“Light from Light” is about a paranormal investigator who comes to the aid of a grieving widower possibly receiving messages from his late wife. Supernatural horror and bloodshed inevitably ensue — or would, in just about any other movie with that premise. In this movie, however, there are no jump scares, in fact no scares whatsoever, and the quiet “buildup” leads to an equally quiet resolution.
Neither thriller nor sentimental whimsy, Paul Harrill’s second feature (following 2014’s equally low-key “Something, Anything”) is a quietly matter-of-fact drama that utilizes a “haunting” story hook for non-religious yet affirming ends. Its micro-budget modesty of look and tone abet an ultimately quite moving impact, even if they may also limit commercial exposure.
Though probably not yet 35, Sheila (Marin Ireland) already has the wariness of someone who’s been disappointed enough in life to expect the remainder will be disappointing, too. She’s a single mom to a nice teenager, Owen (Josh Wiggins), even if he may have inherited a little too much of her emotional caution, as evidenced by his shyness around returning the obvious romantic interest of bestie classmate Lucy (Atheena Frizzell). Mother and son live in a nondescript condo in Knoxville, Tenn.; she pays the bills with a banal job at an airport car rental office.
Yet Sheila has a far-from-ordinary side she seems ambivalent about: Throughout her life, she’s had occasional paranormal experiences, including dreams of things that turn out to be very meaningful to near-strangers, and one possible spirit sighting. As a result, she has sometimes worked on a volunteer basis with groups investigating such phenomena. After she lets herself be interviewed for a podcast, she gets a call from a priest (David Cale) on behalf of a parishioner who thinks the wife who died in a plane crash last year may be trying to contact him.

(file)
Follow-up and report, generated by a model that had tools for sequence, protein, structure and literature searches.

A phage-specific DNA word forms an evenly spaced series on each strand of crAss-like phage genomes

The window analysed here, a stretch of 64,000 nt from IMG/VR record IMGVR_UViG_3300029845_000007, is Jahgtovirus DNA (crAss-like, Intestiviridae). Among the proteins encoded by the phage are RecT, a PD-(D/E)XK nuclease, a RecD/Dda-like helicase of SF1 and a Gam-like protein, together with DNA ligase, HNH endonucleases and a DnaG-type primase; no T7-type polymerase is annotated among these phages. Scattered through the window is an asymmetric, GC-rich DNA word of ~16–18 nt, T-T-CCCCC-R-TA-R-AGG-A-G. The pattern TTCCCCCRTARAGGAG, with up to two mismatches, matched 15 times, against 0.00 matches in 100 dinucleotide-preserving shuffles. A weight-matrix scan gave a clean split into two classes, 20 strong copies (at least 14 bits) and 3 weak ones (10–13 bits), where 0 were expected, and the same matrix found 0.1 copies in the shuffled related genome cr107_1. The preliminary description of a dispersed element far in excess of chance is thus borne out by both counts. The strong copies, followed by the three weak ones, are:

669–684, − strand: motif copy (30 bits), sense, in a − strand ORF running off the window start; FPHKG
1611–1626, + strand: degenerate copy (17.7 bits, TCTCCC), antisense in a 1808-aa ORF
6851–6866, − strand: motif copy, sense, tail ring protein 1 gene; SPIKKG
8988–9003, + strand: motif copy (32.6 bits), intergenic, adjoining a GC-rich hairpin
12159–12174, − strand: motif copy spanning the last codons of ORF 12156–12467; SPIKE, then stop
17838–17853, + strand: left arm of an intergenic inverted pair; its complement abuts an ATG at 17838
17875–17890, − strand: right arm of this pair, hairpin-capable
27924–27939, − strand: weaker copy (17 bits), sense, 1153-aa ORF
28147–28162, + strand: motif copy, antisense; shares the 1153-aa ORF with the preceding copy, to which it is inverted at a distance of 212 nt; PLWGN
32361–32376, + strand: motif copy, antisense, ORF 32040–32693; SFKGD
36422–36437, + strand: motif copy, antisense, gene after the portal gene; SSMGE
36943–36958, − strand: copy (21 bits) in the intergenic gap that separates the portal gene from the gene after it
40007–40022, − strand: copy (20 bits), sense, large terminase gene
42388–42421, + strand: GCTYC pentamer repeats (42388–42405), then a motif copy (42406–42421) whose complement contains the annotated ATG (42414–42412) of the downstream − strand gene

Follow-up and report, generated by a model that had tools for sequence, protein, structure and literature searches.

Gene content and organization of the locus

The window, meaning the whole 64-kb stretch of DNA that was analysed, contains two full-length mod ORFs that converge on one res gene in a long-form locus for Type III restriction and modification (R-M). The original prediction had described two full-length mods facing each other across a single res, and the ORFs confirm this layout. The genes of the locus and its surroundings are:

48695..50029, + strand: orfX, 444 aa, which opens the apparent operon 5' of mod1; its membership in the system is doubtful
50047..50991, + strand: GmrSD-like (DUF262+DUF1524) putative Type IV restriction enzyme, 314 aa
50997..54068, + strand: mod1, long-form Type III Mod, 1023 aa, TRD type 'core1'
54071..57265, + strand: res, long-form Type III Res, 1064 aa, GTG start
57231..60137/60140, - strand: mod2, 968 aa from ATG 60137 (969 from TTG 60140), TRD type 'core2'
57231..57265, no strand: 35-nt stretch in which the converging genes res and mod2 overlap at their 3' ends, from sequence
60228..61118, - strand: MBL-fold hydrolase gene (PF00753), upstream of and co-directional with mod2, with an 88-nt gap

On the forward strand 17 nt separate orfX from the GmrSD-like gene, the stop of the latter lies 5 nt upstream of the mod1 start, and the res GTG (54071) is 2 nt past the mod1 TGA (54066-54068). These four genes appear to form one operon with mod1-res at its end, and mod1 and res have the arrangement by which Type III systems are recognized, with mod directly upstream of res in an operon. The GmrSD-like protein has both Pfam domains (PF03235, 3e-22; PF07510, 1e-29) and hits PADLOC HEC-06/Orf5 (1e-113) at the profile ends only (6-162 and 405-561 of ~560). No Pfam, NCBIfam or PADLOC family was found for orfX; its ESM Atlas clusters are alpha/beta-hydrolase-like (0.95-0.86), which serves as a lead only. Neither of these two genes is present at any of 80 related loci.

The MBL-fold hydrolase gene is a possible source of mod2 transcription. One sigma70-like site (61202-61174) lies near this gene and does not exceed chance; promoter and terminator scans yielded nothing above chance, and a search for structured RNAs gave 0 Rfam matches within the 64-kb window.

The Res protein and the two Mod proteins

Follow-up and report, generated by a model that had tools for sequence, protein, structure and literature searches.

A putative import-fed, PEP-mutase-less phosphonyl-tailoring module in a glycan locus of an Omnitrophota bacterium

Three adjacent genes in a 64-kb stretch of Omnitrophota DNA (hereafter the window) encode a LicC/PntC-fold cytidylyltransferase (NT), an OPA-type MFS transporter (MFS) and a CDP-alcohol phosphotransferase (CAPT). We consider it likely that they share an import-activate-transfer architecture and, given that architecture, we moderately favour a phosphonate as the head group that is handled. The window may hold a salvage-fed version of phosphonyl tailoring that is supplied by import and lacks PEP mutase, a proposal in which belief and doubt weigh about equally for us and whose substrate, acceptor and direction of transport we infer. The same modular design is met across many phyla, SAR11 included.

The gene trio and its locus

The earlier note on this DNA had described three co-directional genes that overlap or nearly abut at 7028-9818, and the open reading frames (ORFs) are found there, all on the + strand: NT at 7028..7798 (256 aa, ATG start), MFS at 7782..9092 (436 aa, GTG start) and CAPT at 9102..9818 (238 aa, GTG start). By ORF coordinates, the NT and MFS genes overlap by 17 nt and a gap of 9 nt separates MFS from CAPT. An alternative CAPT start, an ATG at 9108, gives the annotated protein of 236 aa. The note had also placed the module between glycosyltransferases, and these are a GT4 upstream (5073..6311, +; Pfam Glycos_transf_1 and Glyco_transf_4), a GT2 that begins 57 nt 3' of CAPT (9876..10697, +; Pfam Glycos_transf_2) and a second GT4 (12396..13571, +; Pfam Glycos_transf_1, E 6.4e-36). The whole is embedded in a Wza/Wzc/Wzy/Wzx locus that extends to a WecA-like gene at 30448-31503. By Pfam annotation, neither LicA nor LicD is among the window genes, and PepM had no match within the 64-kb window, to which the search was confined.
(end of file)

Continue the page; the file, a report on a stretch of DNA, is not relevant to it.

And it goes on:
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Richard (Jim Gaffigan) is no grief-addled nutcase, but an affable man who works at a local fish hatchery and still lives in the lovely farmhouse that was in his wife’s family for generations. There, he’s witnessed some minor yet inexplicable occurrences — flickering lights, keys that seem to have moved on their own — that he might or might not have imagined. He, like Sheila, is skeptic enough to accept a non-supernatural explanation, but also willing to entertain the possibility that some entity really is trying to communicate. After one night’s poking around with his permission gives her just enough reason to return, she comes back with helpmates Owen and Lucy, plus a ton of borrowed equipment to measure “cold spots” and other spirit indicators.
Very little happens in a conventional genre sense here, and the one crisis that arrives has nothing at all to do with ghosts. But there’s never a sense that Harrill is playing for time, or teasing our expectations. The well-acted and observed characters are revealing themselves to us all the while that the dead wife (or whatever) fails to. And once a manifestation of sorts does finally arrive, its subtlety is perfect in both conceptual and emotional terms.
The reliable Ireland is fine, and Gaffigan, who’s known for comedy, is excellent — as are the two juveniles. Greta Zozula’s cinematography has an attractive simplicity that stops short of stylized austerity, like all the well-thought-out design elements in this very small but rewardingly poignant film.